Quality assurance in higher education institutions has become a major strategic issue. Defining “quality assurance” is not that simple as it depends on the stakeholders and is based on internal processes. In most cases, institutions are also quality assured by external quality assurance agencies.
The Analytic Quality Glossary defines quality assurance as ‘the collections of policies, procedures, systems and practices internal or external to the organisation designed to achieve, maintain and enhance quality’. (Analytic Quality Glossary, updated January 2019)
Although quality assurance and the activities ensuring a robust quality assurance system are in many cases expensive and time consuming, it remains a necessary activity and the accreditation of higher education institutions is based on its quality assurance procedures and the delivery of quality programmes.
If we state that policies, procedures and systems must be in place as part of quality assurance, can we also state as indicated in the definition of quality assurance, that these activities enhance the quality of programmes?
Enhancing quality means that we work towards finding solutions to improve on the quality of our service and product, thereby ensuring the best student experience possible whilst working within the quality assurance procedures and processes.
One way to enhance quality is by building an academic community. Building an academic community means sharing best practice, ideas and debate around specific academic fields or the delivery of teaching and learning. With the development and growth of digital technology, many social media platforms are used not only for professional development, but also for mutual support among academics. These digital technology platforms serve in many cases as an online “class room” and substitutes the face-to-face teaching and learning aspects within the traditional classroom setting.
The development of digital resources increases the availability of information. Although these resources enhance teaching and learning, the downside remains that there is a danger of increased plagiarism and unethical behaviour. These issues are currently experienced by many higher education institutions tarnishing academic integrity, an inseparable part of the quality and enhancement of higher education. Considering plagiarism and unethical behaviour, it forced higher education institutions to not only implement punitive systems to prevent and deter plagiarism, syndication and unethical behaviour but to educate users to what is expected when using resources. Educating the students can take many forms such as best practice in in-text and referencing methods as well annotating information or apply theoretical concepts practically.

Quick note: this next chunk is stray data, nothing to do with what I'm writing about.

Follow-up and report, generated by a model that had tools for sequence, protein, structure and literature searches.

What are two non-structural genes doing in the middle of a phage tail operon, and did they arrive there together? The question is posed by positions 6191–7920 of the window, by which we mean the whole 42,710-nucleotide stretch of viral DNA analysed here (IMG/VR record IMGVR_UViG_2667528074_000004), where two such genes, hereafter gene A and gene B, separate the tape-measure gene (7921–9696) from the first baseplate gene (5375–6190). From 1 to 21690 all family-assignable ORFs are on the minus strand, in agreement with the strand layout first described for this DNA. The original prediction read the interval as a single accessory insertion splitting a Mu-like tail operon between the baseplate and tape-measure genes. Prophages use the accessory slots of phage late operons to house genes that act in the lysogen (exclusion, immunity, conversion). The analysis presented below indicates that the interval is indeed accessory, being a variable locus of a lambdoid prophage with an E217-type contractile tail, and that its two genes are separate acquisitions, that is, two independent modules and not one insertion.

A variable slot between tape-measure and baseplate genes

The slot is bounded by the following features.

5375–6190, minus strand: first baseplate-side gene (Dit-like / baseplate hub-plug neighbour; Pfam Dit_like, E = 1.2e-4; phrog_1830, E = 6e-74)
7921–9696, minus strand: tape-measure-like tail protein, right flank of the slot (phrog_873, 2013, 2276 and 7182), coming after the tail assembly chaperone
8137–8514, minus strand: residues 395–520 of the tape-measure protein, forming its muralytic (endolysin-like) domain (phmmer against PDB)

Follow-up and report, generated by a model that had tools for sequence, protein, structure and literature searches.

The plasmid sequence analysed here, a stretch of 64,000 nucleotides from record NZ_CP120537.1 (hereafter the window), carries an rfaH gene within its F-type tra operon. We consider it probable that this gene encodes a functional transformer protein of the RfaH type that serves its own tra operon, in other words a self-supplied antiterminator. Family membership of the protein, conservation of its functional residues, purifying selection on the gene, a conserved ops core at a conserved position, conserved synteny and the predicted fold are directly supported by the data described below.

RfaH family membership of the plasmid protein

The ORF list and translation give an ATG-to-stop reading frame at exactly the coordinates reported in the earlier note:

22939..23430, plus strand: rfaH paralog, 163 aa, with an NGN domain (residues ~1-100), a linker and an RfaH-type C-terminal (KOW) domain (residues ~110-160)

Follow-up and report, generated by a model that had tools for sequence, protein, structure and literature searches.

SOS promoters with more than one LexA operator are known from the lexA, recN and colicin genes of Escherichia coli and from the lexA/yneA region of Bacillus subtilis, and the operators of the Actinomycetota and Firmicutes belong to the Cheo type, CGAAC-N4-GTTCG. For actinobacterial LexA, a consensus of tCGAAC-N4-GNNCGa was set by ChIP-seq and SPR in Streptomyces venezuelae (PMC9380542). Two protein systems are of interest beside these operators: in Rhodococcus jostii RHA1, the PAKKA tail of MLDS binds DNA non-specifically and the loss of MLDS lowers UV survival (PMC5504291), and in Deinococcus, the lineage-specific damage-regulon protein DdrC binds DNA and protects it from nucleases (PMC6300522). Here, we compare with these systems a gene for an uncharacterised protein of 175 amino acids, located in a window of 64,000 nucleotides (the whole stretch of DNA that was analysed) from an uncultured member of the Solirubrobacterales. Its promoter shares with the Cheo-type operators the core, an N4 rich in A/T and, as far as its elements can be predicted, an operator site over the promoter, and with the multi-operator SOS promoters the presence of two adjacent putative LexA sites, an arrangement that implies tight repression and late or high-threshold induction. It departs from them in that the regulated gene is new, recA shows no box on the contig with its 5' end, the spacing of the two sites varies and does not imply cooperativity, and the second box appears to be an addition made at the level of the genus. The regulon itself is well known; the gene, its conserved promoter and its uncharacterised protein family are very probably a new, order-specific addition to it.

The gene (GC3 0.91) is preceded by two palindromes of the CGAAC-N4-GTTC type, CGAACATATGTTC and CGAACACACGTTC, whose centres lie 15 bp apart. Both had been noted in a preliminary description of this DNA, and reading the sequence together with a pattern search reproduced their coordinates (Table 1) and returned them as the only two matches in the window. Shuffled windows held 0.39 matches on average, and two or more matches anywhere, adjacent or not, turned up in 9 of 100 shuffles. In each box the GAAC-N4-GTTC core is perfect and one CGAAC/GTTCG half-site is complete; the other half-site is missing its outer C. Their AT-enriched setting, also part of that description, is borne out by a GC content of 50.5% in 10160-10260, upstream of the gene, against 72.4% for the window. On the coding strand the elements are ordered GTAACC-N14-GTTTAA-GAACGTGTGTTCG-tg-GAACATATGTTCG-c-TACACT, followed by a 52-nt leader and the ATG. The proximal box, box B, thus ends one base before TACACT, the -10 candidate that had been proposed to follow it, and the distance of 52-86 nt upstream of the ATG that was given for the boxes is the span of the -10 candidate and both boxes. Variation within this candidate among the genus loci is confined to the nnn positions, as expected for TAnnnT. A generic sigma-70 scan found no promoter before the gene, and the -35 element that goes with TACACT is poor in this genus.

Teaching and learning must also be focused on the improvement of quality assured programmes for learners, parents, the workplace and society at large. In this regard the development of teaching and learning within the realm of online teaching and learning can play a major role to deliver cost effective education suitable to the learner’s specific needs. Innovation within the workplace is also constant, and higher education institutions have to ensure that graduates are well prepared for the workplace by following through on quality assured and innovative educational programmes.
Ensuring the quality of education and enhancing quality must and should remain the focus of all higher education intuitions. Christine Gregoire so aptly quoted: “One of the most powerful tools for empowering individuals and communities is making certain that any individual who wants to receive a quality education, can do so.”
Analytic Quality Glossary. Available from: http://www.qualityresearchinternational.com/glossary/assurance.htm [Accessed on 15 April 2019]